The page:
It started with the news that Translink is going to have to pay the contractor who runs the Golden Ears Bridge a lot of money ($63 million) as the tolls collected from drivers are not as much as expected. Ken Hardie, Translink’s spin doctor in chief got a few seconds prior to this story to assure the taxpayers that they will not be coming to them for more. “…a deficit we will be able to cover through savings, through other capital programs and reserves.” He did not get to broadcast saying what that means exactly. But to give you some idea, there are now a bunch of buses stored at Oakridge out of use. (See my comment below the image for why this is interesting)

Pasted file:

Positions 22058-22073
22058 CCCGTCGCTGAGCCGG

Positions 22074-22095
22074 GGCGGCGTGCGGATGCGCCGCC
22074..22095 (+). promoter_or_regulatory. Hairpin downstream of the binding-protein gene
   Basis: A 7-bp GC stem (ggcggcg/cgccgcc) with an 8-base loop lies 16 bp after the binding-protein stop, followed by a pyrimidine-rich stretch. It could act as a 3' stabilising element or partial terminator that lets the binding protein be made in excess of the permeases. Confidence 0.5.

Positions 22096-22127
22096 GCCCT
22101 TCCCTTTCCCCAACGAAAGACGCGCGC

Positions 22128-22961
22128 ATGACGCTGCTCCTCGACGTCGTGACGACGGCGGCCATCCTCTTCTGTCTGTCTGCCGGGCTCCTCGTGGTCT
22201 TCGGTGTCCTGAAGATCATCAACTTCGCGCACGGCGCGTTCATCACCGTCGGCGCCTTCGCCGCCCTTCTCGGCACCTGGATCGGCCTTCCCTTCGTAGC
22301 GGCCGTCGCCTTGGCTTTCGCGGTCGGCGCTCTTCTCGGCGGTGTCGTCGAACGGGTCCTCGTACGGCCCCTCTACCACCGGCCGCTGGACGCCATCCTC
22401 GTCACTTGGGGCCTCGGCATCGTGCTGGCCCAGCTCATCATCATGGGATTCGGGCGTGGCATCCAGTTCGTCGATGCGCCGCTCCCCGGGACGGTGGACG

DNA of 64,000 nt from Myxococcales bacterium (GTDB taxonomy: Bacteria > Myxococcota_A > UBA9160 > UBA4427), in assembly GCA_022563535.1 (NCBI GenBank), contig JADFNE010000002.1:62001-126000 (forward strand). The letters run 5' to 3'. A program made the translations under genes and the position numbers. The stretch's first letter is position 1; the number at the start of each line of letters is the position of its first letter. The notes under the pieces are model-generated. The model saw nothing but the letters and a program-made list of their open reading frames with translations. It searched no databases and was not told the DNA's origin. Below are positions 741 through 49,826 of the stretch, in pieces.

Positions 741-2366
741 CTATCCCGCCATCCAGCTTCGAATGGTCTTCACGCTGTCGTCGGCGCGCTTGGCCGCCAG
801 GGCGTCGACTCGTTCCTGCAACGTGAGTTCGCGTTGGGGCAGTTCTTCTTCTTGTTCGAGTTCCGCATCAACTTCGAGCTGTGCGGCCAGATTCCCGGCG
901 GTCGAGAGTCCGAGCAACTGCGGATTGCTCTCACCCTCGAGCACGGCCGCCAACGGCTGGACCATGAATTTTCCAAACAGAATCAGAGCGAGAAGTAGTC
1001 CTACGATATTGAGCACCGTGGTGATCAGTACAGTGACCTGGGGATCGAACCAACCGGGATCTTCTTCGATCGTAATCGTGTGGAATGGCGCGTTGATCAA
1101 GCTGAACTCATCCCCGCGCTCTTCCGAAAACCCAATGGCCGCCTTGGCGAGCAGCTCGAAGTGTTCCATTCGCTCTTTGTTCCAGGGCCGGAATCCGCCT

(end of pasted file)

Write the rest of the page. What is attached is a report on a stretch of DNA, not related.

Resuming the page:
Leah Hendry then did a piece about what other places do – with Anthony Perl advocating road pricing, and clips of the London congestion charge and so on. My bit was reduced to the suggestion that we should try distance based car insurance and increasing parking charges – which might seem a bit odd if you don’t read here regularly. If you do, you do not need to read any further, as you know all this, but in case you are new here please stick with me.